Last month, the Trump Organization announced something strange: a plan to build an entire town in rural Scotland, with a kitsch design that blends American suburbia with Scottish oil country. The price was $200 million, but where the Trumps will get that cash is a mystery.
It’s the latest in a string of Scottish investments which appear to make little business sense. The Trump Organization has already shelled out hundreds of millions on two golf courses in the country in the last 12 years, and both have performed terribly. The new project would see the US president’s company build 500 houses, plus swaths of commercial and leisure buildings, on the same estate that houses his Aberdeen golf course.
Trump Aberdeen was Trump’s first big investment in his mother’s homeland. Since he bought the piece of land in 2006 for $12.6 million in cash, according to the Washington Post (paywall), it has performed terribly: His company says it invested £100 million in building a golf course and club house there—the Post estimates a sum closer to $50 million (£38 million at current rates)—and the course has lost money every year since opening in 2012, racking up total losses of £7.1 million, according to its filings.
That didn’t stop Trump making an even more disastrous investment on the Scotland’s West coast: Trump Turnberry golf course, which he bought in 2014 for a reported £37.5 million in cash. Turnberry has lost nearly £30 million ($39 million) under Trump’s ownership. Trump claims he has spent £200 million fixing up the place; his project manager says it’s more like £140 million (paywall). Turnberry’s financial filings say Trump has loaned the course £112 million.
There seems to be little chance of turning around the courses’ fortunes; golf’s popularity in Scotland has been plummeting for a decade.
Undeterred, the Trumps now plan to expand the Aberdeen course with the massive development announced last month, grandly named the Trump Estate. The Trumps were given permission to build on the site amid much controversy over potential environmental damage, based on a promise that they would spend £1 billion on two golf courses, a luxury hotel and hundreds of homes. They’ve now scaled back the spending to £750 million, of which they say the current development is the second stage—its unclear which parts of the initial plan will be ditched. This second stage depends on them getting local council approval and then actually ponying up the money.
The new project is being paid for in cash, with no external loans, a Trump Organization spokesperson told Quartz. That fits an odd trend, recently uncovered by the Washington Post: In 2006, Trump quietly gave up his self-proclaimed mantle of “King of Debt,” and started making all his investments in cash.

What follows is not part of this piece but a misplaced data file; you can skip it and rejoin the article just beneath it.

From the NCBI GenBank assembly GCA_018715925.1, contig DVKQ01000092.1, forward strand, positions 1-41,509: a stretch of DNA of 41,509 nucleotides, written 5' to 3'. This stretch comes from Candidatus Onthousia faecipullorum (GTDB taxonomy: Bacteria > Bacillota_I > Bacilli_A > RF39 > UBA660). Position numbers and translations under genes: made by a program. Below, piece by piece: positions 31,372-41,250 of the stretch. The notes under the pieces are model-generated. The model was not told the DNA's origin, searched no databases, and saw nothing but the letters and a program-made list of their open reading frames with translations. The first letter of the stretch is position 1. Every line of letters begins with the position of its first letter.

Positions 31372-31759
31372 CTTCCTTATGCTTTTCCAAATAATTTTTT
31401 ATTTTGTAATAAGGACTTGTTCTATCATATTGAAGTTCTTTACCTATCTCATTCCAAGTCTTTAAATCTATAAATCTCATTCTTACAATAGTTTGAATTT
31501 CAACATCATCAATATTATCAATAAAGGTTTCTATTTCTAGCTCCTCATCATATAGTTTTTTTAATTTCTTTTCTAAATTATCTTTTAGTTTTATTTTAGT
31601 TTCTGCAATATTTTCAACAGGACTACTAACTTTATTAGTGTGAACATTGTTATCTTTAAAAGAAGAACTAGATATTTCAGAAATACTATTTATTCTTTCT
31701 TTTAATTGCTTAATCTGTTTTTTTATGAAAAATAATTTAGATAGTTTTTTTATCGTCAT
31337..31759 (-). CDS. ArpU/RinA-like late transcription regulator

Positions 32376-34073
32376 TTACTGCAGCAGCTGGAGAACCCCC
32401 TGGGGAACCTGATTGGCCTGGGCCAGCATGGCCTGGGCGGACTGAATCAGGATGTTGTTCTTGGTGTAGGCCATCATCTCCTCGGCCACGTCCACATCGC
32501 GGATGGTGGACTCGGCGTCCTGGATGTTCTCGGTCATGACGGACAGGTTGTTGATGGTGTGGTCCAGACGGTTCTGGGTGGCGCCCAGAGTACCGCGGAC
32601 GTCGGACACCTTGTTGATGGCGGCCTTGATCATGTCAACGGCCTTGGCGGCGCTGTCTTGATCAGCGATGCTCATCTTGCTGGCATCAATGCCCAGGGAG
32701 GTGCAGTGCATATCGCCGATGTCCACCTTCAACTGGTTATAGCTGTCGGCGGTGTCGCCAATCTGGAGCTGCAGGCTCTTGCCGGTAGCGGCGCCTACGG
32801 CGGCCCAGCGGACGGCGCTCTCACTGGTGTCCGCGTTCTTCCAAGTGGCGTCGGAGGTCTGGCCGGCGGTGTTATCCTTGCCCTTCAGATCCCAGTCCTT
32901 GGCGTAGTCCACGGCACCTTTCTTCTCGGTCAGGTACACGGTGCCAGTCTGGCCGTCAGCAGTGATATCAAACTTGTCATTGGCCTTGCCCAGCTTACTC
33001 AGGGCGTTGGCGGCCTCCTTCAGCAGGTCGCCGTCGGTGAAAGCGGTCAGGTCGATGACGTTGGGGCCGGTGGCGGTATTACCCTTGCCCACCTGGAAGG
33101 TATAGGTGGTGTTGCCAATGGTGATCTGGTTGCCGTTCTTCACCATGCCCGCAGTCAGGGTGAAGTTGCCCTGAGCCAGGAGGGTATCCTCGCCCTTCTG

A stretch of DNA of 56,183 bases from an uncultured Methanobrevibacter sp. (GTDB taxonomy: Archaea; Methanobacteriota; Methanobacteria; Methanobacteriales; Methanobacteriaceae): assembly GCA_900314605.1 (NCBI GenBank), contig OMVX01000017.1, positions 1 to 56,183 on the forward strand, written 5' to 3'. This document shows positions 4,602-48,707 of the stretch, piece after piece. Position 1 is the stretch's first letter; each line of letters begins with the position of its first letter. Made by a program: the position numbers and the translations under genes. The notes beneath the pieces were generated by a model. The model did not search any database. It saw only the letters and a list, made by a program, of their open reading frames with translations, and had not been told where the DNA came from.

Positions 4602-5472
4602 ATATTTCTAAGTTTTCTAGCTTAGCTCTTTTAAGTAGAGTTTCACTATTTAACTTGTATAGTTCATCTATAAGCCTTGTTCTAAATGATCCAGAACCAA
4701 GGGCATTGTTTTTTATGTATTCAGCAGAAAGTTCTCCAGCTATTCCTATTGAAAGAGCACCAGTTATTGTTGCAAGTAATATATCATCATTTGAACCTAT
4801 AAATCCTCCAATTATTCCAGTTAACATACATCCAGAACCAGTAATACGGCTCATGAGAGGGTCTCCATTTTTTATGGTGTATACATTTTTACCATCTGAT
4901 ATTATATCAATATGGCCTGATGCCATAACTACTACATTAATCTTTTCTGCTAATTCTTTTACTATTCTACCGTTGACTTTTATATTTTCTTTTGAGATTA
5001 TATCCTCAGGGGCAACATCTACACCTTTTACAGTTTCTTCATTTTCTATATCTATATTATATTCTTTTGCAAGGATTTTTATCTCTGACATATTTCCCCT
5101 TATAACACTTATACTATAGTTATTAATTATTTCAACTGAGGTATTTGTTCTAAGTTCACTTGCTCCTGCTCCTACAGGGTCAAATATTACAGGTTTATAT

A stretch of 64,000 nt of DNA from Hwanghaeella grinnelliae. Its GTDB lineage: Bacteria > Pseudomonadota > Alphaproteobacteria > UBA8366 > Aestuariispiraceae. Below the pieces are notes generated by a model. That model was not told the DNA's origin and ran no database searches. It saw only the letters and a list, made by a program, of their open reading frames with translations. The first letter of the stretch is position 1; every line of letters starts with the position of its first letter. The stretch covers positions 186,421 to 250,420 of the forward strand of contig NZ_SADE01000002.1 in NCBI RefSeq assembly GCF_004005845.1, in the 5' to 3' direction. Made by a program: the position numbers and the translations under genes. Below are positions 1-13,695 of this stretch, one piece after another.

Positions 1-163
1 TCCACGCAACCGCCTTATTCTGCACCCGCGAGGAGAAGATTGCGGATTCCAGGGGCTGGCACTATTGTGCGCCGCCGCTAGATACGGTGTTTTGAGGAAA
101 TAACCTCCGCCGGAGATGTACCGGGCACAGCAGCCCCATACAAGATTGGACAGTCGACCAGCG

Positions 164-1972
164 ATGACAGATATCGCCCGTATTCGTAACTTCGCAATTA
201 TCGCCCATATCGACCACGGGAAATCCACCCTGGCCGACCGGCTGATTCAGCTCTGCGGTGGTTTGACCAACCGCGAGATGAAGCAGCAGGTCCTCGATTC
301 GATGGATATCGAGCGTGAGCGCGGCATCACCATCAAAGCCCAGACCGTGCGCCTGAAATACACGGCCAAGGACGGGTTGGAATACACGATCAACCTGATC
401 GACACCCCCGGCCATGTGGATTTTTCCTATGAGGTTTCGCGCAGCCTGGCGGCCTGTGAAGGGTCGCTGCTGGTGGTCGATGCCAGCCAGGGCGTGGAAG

The business model goes against industry trends. Developers tend to put a small amount of their own cash into projects, with banks funding the rest. This minimizes the developer’s risk and lets them invest more widely. Onlookers have struggled to explain both this new model and Trump’s Scottish projects. In a careful dissection of Trump Turnberry’s finances, the New Yorker’s Adam Davidson calls that investment “a bizarre, confounding move that raises questions about the central nature of his business.” Trump Aberdeen has a lot of the same traits.
Trump’s refusal to release his tax returns means we have precious little insight into his finances, but his illiquid property empire doesn’t seem suited to investing in huge projects with just cash. In 2016, the Wall Street Journal analyzed his campaign filings to estimate that, for an 18-month period starting Jan. 2014, the Trump Organization had a pretax income of $160 million. If the Journal’s guess is right, the $197 million investment in Aberdeen adds up to nearly two years’ revenue for the whole Trump Organization. (A Trump aide said at the time that the number is “wrong by a lot”—and campaign filings are far from reliable—but the company wouldn’t comment further).
So, where are they getting the money from? When the Post asked Eric Trump, who runs the golf side of the Trump business, how they had paid for 14 real estate projects worth $400 million since 2006, he insisted his father had “incredible cash flow and built incredible wealth…he didn’t need to think about borrowing for every transaction.”
If that’s the case, Trump Org either has some major revenue streams that analysts have missed, or the Trumps have been doing serious penny pinching. Spending so much carefully saved cash on two loss-leading golf courses in rural Scotland would be quite a decision, and a lot of ink has been spilled trying to explain it. Three main theories have arisen, of which two would be irrational business decisions, and the third, potentially unethical.